The Pentagon plans to cap pay raises for active-duty military personnel at 1 percent next year instead of granting a 1.8 percent increase allowed under Labor Department standards.
"Given the current budget environment, this pay raise is less than previously projected but allows the Department (of Defense) to maintain critical investments in readiness and modernization going forward," Pentagon press secretary George Little said in a statement Wednesday about the forthcoming 2014 defense budget request to Congress.
The decision will affect more than 15,700 active-duty, reserve and National Guard personnel in Nevada, but the extent of the impact remains to be seen, according to sources in the Guard and Army Reserve.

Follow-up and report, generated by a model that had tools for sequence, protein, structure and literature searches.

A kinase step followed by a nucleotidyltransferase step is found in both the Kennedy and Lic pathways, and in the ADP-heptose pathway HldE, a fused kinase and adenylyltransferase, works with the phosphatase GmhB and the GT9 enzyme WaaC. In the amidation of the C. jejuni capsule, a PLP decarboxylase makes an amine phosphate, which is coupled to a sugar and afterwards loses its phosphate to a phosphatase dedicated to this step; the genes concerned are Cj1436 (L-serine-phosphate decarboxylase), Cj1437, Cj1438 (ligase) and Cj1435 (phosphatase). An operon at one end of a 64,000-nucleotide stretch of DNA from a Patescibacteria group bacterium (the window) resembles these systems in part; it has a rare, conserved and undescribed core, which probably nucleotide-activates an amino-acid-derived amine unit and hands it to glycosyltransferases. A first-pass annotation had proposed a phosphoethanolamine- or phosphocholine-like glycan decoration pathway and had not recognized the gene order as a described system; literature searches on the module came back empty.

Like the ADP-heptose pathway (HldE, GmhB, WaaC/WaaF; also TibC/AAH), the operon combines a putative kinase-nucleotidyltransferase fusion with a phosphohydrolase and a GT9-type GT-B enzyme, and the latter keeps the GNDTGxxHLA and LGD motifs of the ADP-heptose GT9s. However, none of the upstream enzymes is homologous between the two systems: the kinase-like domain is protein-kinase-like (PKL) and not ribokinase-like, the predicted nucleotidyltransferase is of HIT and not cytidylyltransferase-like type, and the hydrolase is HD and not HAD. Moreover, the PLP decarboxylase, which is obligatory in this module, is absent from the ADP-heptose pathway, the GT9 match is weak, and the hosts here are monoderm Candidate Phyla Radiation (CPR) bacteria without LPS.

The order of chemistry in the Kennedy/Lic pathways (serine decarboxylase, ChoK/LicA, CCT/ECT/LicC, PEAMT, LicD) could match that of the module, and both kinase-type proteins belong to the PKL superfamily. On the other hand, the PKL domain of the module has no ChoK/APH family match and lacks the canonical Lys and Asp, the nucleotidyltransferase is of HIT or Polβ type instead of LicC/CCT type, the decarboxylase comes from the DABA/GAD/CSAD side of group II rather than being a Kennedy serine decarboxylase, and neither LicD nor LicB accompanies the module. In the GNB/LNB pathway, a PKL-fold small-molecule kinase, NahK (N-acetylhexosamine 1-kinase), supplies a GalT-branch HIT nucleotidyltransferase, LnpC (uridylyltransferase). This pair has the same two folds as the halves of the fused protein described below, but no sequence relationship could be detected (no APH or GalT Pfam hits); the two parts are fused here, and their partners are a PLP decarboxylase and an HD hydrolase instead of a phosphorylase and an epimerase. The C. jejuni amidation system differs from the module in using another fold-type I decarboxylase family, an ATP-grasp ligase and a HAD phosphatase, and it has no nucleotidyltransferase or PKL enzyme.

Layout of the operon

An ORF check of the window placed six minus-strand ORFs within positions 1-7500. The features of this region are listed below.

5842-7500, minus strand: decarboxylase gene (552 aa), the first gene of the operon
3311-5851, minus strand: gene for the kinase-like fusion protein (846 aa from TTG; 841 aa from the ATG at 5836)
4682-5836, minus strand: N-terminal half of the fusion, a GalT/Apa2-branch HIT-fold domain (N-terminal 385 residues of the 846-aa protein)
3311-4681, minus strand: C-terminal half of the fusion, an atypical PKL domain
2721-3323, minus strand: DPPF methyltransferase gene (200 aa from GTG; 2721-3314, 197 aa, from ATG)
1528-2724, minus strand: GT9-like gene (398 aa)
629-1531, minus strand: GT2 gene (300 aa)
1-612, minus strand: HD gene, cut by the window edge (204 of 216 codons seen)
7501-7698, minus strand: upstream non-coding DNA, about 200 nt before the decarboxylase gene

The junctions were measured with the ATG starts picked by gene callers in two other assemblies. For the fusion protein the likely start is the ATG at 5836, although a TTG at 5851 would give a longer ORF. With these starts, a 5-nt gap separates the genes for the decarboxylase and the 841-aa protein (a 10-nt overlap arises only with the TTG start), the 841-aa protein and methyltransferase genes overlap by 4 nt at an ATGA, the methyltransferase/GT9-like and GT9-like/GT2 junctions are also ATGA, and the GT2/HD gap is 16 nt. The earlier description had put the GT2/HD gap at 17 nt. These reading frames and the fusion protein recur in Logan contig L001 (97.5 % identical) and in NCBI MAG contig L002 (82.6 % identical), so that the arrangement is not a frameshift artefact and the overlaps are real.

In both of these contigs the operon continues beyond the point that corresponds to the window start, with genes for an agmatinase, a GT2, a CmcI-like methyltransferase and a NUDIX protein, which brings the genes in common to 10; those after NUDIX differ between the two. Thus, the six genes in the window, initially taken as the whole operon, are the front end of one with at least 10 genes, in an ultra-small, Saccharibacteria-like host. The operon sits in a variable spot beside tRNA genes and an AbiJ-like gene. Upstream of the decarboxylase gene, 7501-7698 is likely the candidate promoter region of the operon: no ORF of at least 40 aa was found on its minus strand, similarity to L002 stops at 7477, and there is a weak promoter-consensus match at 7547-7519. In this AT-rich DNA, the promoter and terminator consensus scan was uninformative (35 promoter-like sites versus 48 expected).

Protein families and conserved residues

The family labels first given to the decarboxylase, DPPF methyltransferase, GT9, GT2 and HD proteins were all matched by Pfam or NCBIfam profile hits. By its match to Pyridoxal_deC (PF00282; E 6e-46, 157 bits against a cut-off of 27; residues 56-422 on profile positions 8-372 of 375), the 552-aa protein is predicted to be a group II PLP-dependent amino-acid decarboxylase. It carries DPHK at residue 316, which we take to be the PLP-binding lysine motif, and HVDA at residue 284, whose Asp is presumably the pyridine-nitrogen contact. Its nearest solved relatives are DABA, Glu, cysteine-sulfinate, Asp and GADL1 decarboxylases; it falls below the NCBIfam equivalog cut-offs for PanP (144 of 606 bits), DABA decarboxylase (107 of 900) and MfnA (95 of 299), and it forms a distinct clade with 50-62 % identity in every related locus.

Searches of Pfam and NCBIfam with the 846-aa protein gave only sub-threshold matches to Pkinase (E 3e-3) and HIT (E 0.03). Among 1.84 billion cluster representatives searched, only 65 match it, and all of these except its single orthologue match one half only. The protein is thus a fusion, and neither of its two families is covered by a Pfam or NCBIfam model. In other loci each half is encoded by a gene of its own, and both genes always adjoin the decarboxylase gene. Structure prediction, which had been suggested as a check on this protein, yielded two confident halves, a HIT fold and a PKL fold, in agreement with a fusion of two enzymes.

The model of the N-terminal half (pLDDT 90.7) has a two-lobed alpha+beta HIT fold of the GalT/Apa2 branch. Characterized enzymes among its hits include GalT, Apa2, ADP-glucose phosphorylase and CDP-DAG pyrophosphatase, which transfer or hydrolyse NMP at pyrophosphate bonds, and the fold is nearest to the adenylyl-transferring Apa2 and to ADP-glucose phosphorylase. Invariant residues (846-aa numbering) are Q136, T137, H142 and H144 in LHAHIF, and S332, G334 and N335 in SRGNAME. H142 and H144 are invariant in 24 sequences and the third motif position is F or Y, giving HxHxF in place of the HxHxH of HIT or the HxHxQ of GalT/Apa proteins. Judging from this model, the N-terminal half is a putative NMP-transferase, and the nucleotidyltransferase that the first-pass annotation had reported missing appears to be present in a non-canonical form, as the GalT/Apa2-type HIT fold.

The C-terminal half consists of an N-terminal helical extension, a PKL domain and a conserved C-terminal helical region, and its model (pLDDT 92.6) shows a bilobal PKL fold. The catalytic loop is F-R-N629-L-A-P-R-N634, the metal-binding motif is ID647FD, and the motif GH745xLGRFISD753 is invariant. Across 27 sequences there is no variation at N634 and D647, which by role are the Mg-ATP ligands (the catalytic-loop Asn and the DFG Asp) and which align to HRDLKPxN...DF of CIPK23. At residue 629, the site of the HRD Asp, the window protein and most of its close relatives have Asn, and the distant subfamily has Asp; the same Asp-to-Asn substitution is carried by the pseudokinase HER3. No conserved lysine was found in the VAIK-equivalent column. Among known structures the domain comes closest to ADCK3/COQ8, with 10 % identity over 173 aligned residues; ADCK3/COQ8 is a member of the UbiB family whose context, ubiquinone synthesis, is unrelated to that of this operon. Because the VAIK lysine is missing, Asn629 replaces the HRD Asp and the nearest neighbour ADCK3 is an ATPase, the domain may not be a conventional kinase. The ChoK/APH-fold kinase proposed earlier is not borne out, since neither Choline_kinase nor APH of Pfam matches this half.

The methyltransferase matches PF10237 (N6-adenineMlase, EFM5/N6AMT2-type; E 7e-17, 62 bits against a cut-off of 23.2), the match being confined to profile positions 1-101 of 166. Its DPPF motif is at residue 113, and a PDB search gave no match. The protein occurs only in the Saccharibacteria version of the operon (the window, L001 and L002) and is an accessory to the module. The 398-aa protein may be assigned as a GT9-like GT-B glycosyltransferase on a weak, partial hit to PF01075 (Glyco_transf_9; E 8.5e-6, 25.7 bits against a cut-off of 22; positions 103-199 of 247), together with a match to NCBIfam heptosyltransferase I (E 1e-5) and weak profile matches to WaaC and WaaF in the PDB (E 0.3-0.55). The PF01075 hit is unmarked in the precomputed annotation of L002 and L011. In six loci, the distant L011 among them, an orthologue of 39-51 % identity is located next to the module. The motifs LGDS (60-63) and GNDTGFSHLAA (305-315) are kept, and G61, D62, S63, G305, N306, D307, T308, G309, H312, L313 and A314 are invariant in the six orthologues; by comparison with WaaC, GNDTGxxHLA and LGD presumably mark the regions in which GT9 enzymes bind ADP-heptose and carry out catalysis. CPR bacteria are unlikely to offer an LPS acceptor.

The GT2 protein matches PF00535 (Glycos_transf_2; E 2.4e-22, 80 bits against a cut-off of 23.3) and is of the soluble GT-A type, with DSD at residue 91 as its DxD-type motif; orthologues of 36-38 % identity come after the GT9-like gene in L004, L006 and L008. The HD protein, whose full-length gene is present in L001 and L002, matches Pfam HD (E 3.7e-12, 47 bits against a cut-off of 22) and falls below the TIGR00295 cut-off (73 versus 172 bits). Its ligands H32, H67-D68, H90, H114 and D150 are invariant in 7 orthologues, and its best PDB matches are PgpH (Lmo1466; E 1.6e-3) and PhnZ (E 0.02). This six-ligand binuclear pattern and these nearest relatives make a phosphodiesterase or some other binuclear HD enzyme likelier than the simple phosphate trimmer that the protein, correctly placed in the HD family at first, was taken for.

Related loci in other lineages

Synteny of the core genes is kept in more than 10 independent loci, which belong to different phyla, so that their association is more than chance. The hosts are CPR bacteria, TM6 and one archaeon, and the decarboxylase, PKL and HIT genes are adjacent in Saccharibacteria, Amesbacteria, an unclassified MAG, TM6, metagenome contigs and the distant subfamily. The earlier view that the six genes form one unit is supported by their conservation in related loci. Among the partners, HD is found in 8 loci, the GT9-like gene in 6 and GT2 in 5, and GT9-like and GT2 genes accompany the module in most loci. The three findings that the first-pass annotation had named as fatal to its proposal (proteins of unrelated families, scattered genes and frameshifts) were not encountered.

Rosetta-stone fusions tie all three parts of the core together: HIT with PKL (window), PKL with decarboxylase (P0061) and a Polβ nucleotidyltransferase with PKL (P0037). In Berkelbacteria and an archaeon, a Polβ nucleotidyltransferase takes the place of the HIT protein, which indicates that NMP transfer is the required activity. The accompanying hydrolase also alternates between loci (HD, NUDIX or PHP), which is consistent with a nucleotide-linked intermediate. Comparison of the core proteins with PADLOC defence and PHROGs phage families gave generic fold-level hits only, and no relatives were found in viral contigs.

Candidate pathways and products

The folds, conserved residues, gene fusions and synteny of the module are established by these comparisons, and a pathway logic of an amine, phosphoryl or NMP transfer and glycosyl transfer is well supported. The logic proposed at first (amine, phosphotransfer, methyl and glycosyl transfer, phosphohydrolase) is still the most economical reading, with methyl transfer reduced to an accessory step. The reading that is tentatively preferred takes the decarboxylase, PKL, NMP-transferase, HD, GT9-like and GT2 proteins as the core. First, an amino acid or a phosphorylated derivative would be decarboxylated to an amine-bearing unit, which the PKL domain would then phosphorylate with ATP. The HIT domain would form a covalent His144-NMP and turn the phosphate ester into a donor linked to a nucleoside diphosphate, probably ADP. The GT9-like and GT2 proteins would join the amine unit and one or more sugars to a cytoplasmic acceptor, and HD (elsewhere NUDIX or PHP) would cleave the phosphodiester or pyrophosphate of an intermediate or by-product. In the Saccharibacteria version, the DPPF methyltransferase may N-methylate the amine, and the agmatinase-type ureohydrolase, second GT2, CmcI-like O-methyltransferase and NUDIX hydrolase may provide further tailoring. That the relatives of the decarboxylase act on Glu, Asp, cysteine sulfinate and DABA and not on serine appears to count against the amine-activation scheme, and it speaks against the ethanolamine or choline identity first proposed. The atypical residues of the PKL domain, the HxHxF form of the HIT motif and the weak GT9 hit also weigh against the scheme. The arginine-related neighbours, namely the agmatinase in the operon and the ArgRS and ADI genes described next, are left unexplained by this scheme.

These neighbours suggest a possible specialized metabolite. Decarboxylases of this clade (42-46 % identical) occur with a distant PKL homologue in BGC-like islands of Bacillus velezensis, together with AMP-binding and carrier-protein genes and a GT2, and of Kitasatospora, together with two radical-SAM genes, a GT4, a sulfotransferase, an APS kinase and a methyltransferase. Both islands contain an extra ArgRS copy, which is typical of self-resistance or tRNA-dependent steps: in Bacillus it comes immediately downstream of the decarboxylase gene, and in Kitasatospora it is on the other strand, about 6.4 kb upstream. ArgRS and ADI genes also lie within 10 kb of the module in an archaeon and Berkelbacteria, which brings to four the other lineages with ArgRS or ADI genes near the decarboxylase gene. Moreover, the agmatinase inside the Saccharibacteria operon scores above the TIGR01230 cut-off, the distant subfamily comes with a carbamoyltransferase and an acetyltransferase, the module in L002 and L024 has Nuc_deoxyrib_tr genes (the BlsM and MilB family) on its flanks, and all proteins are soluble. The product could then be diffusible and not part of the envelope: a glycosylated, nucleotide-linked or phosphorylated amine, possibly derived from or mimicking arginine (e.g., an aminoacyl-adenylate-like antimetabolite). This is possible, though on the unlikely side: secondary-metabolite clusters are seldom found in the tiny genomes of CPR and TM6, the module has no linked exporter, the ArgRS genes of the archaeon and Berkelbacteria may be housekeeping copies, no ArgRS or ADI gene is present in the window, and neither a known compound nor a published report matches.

"That clearly doesn't keep pace with the cost of living," said Nevada National Guard spokeswoman April Conway, an Air Force major.
She noted that pay "traditionally hasn't been one of the reasons why people stay or go in the Guard, although "time will tell" whether recruiting and troop retention hold at current levels.
Lt. Col. Matt Lawrence, the Army Reserve's chief spokesman in Fort Bragg, N.C., doesn't think the smaller raise "will affect morale much. It's only a few dollars difference in their paychecks each month."
"Nobody's losing money this year," he said.
Lawrence noted basic pay for the military from 2000 to 2013 has increased on average more than 63 percent, compared with 42 percent for federal civilian employees and 47 percent for private sector workers.
Military pay increases were 6.2 percent in 2000 and 6.9 percent in 2002, when average raises in the private sector were 4.3 percent and 4.1 percent, respectively.
Basic monthly pay for the Army's lowest ranking private is $1,516, according to Military Benefits, a nongovernment website.
Contact reporter Keith Rogers at email@example.com or 702-383-0308.